On 10th October 1866 Charles purchased the property for £285 and the help of a loan of £250 from Joseph Ford.  Charles and Hannah stayed in 2 High Street until 1884 when they sold it to John Williams.  Click here to read more

John Williams – the 1885 Rate Book and subsequent rate books show that John Williams had acquired the property.  John was a tailor and he had become the owner of a large number of properties in the centre of Thornbury.  It was to remain in the Williams family estate up until the present day.  Click here to read more   

Frederick Sainsbury – the 1885 Rate Book shows the property occupied by Frederick Sainsbury.  We are not sure which Frederick Sainsbury this refers to.

John Thomas Buckley – the 1890 Rate Book shows the property was occupying the house owned by John Hodges Williams.  Click here to read more

Susan Birt – the 1891 census shows the house occupied by Susan Birt.  She was described as an unmarried general shopkeeper aged 46 born in Thornbury.  Click here to read more

Albert Edward Sainsbury – the Special Drainage Rate Book of 1894 shows that Albert Edward Sainsbury rented this property from John Hodges Williams.  The 1901 census shows that Albert was a saddler and harness maker aged 35 living there with his wife, Elizabeth Y aged 27 born in Alveston and Florence B aged 4. Albert was listed as being there in the 1901 Rate Book.

Albert was baptised on 5th August 1865.  He was the son of William Young Sainsbury, the relieving officer and his wife, Elizabeth Hannah.  On 6th October 1894 Albert married Elizabeth Young Jones, the daughter of John Ford Jones, a farmer from Alveston.  They had a daughter, Florence Beatrice baptised on 4th October 1896.  Elizabeth died on 10th January 1902 aged just 28 years.

Albert re-married in 1905 when he was 40 years old, this time to Cecilia Annette Price, aged 28 the daughter of Henry John Price, solicitor’s general clerk and his wife, Sarah.  Cecilia was born in Birmingham on 22nd February 1878.  In 1891 the Prices were living at Stroud and in the 1901 census Cecilia was working as a domestic cook in Cromhall Rectory.  Albert and Cecilia had one son, Lionel Edward Sainsbury born in 1906. 

Albert Edward died on 19th July 1908 aged 42 years.  The 1910 Rate Book shows that the house was occupied by ‘Mrs Sainsbury’ who we assume to be Cecilia.  She re-married in 1910.  Her new husband was John Blizzard (see below).

The 1911 census shows Albert’s daughter, Florence, went to live with her grandparents, William and Elizabeth Sainsbury at The Coombe.  She went to Miss King’s Private School before joining the Council School and then going on to the Grammar School.  She must have moved to The Coombe to live with her grandfather, William, as she was shown at that address when she married in 1920.  Her husband was Ivor Henry Alsop from Roath, the son of Edward Alsop, managing director.  Witnesses included William James Jones and George Sainsbury Hosgood, presumably her cousins.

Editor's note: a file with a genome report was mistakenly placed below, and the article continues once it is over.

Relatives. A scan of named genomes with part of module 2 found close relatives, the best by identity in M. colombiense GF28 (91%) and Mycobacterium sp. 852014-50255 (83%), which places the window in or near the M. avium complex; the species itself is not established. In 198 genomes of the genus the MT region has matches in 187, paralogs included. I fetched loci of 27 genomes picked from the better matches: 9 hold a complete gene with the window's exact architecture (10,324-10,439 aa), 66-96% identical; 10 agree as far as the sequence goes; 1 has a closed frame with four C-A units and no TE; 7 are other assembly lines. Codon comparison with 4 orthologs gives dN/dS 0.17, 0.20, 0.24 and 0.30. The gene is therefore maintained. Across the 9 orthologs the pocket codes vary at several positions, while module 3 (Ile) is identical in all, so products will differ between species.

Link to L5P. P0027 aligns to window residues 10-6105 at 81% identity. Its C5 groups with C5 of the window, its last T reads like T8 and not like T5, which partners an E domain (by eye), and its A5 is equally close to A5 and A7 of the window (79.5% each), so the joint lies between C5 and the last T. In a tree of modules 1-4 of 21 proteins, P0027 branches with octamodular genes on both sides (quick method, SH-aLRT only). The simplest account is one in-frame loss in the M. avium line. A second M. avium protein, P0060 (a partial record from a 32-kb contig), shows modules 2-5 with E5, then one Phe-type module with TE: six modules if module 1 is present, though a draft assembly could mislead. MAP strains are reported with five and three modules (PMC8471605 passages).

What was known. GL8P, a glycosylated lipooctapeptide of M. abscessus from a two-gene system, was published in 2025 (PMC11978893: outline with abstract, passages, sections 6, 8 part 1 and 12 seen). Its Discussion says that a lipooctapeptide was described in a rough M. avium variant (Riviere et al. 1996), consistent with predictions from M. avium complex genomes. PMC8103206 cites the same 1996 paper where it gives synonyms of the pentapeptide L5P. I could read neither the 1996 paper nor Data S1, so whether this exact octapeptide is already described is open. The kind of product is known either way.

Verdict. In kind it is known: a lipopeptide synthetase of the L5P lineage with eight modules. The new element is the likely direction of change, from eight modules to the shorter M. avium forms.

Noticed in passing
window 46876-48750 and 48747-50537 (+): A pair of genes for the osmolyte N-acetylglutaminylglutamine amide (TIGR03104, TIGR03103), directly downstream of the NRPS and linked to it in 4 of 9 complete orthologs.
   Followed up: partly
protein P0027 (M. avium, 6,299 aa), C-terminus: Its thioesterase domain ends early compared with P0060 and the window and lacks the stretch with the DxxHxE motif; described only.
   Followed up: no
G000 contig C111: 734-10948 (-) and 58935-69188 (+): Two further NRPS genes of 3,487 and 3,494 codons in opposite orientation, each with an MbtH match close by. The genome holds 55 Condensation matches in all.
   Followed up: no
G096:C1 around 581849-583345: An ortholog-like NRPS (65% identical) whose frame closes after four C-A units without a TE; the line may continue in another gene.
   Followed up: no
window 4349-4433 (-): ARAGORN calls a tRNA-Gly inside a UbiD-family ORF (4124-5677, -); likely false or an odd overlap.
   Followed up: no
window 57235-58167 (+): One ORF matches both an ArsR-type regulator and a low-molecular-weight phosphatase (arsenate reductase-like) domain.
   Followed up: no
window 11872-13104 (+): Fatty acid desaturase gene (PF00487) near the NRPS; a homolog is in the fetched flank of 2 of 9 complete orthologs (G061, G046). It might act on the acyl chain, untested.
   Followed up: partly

William John and Cecilia Annette Blizzard – Cecilia was Albert Edward Sainsbury’s second wife whom he married in 1905 (see above).  She took over the house after Albert’s death in 1908.  In 1910 she married ‘John’ Blizzard.

John was born on 1st February 1881, the son of Henry George Blizzard and his wife, Sarah (nee Savery).  The 1881 census shows John living with his mother in Thornbury Road, Oldbury.  His father was not at home at the time of the census and we think he was lodging in 2 Elliotts Buildings near Brandon Hill in Bristol.  He was working as a watchman.  In the 1891 census the family were all together.  Henry was a coachman and they were living at 66 Alma Vale Road, Clifton.  The 1901 census shows John living at 1 High Street boarding with Emma Phelps who was distantly related to John.  The obituary of Emma’s husband, Robert Phelps, says that John was Robert’s nephew, but we believe that it was John’s father who had been Robert’s nephew.  He was a hairdresser’s assistant aged 20.

There is some confusion about where the Blizzards were living and where John had his shop after their marriage.  The 1910 Rate Book shows John at 1 High Street, having presumably taken over the shop following Emma Phelps’s death.  A plan showing the properties owned by John Hodges Williams in 1911 also shows John at 1 High Street.  However the 1911 census shows John and Cecilia living at 2 High Street.  John was a hairdresser and tobacconist aged 30 born in Oldbury on Severn.  Cecilia was a saddler and harness maker aged 34 born in Ashton, Birmingham.  Living with them was Cecilia’s son from her first marriage, Lionel Edward Sainsbury aged 5, her sister, Alice Isobel Price aged 22 born in Stroud, John’s brother, Arthur Blizzard, a hairdresser’s assistant aged 22 from Bristol and a boarder, Henry Percival Marshall, a chemist’s assistant aged 21 from Portsmouth.  The census implies John was undertaking his hairdressing business ‘At Home’.